Limey

Discuss word origins and meanings.

Limey

Post by trolley » Tue Mar 11, 2008 7:06 pm

After Googlin’ around for gin rickeys, I started to think about the word “Limey”. Is this considered to be offensive? I once asked a friend, who just laughed and asked if I was offended when referred to as a Canuck. I think the difference there is that most Canadians call themselves Canucks. I’m not sure if Brits (or British sailors ) call themselves Limeys. Somehow, I doubt it. Until this morning, I was convinced that the Aussie term “Pom” was derogatory and came from the word pompous. Go figure.
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Re: Limey

Post by Tony Farg » Tue Mar 11, 2008 8:19 pm

I've never called myself a limey, but have always been aware that you lot did. I don't find it offensive in the least...in fact it makes me feel a bit proud of our heritage as survivors of long sea voyages, enabling Britain to rule the waves and the world whilst other sailors died of scurvy.
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Re: Limey

Post by Shelley » Tue Mar 11, 2008 9:03 pm

Guys, a WW search for limey, finds the origin for it here. After reading many of the threads, it does appear to me that "limey" is derogatory, albeit somewhat playful, (if that's possible). A sampling of its use from anonymous posters (from the archives) includes:
Sounds like some kind of typically limey deviousness . . .
Limey rednecks are even incomprehensible to each other.
A term used by limey mafiosi to mean throw the body in the trunk of the car. (for "to boot")
. . . the limey literary piracy.
. . . some game limey nancy boys play.
. . . because he is a limey once removed he does it in his basement.
Granted, these are quotes from WW's wild west past, and things were coarser then, but I think using the name might be a little questionable unless you know your audience pretty well.
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Re: Limey

Post by Bobinwales » Wed Mar 12, 2008 10:12 am

Shelley wrote: A term used by limey mafiosi to mean throw the body in the trunk of the car. (for "to boot")
.
Where did you find that one Shelley? I would like to read it in context before I say it looks like claptrap. Oops, I just did didn't I?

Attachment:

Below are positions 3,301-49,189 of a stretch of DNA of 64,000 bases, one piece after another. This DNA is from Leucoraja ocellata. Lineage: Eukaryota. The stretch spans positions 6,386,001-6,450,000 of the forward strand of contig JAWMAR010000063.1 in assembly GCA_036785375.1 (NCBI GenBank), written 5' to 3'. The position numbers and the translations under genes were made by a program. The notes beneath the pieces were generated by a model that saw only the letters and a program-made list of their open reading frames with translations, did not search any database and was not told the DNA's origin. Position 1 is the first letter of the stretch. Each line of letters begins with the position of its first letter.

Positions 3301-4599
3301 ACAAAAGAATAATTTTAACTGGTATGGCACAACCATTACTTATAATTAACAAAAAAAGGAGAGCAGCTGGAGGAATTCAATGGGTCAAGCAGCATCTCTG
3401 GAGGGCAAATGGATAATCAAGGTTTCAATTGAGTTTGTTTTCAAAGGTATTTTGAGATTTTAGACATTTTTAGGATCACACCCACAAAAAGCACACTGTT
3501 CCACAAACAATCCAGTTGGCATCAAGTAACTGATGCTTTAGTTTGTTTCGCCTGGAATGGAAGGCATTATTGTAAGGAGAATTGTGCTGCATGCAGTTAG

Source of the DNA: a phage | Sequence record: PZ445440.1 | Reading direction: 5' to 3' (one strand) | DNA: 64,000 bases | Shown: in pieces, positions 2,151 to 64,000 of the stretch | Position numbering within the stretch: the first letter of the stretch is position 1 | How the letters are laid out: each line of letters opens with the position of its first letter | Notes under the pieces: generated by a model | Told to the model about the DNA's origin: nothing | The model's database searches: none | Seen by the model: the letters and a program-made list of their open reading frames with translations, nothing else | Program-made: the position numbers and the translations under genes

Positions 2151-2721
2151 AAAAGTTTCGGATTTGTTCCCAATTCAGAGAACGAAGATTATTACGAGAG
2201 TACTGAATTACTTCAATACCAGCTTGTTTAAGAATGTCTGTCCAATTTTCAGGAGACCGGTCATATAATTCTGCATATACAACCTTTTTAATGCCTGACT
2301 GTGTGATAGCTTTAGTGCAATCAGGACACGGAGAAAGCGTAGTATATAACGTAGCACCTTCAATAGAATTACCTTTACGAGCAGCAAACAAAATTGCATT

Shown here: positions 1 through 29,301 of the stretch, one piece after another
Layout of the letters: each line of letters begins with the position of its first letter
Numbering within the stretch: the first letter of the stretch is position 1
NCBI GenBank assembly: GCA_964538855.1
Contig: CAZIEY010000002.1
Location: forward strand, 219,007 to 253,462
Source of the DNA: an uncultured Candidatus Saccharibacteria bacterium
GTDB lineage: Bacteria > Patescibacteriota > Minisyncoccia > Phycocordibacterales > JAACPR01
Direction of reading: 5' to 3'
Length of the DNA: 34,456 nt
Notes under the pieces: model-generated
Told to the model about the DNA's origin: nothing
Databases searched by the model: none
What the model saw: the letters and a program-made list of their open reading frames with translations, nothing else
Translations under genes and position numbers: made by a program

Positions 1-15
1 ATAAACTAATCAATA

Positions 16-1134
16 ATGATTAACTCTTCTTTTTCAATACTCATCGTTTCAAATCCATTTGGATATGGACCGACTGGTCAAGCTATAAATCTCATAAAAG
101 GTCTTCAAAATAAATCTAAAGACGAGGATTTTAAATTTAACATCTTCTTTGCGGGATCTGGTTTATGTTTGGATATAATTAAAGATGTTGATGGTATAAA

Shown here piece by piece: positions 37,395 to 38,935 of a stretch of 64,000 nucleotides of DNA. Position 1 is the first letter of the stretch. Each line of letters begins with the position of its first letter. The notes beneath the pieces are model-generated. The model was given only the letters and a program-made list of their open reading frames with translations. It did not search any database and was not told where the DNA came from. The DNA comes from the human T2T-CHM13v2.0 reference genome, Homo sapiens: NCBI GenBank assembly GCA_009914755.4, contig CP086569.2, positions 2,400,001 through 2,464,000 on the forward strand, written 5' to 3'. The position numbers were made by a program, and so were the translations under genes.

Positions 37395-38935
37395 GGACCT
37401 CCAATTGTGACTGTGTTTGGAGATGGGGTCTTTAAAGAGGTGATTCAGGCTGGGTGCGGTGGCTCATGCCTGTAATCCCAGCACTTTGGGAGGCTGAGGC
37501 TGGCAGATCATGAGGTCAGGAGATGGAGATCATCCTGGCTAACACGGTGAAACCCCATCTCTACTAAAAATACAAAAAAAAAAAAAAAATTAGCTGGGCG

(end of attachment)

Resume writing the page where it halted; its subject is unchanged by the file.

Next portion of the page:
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Re: Limey

Post by gdwdwrkr » Wed Mar 12, 2008 10:23 am

A tense stream of conscienceness.
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Re: Limey

Post by PhilHunt » Wed Mar 12, 2008 11:41 am

I think I read the origin somewhere recently. I'll have a look tonight.
In the meantime:

limey
1888, Australian, New Zealand, and South African slang for "English immigrant;" U.S. use is attested from 1918, originally "British sailor, British warship," short for lime-juicer (1857), in derisive reference to the British Navy's policy (begun 1795) of issuing lime juice on ships to prevent scurvy among sailors. In Amer.Eng., extended to "any Englishman" by 1925.
"Midway Signs Limey Prof to Dope Yank Talk" ["Chicago Tribune" headline, Oct. 18, 1924]

I think there is probably a distinction between early use of limey as a derisive reference to the navy and its policys as well as the habits that sailors have when they are locked up together for a long time. "...because he is a limey once removed he does it in his basement."
The later expression which is popularly used in South Africa and Australia today obviously has different undertones.

There is an expression in Italian "Il vizio del'inglese". Ie: The English vice. This is basically a reference to homosexual acts because the English historically have a bit of reputation on the continent for this. I think sailors historically have this reputation too so limey may carry that in some contexts.
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Re: Limey

Post by Wizard of Oz » Wed Mar 12, 2008 12:25 pm

.. sorry Shelley wrong again as far as Aussies are concerned .. from the Macquarie Dictionary 4th Edition it is merely listed as colloquial, not listed as derogatory ..
limey Colloquial - noun (plural limeys) 1. a British sailor or ship. 2. an Englishman. - adjective 3. British. [from the prescribed use of lime juice against scurvey in British ships in the 18th century]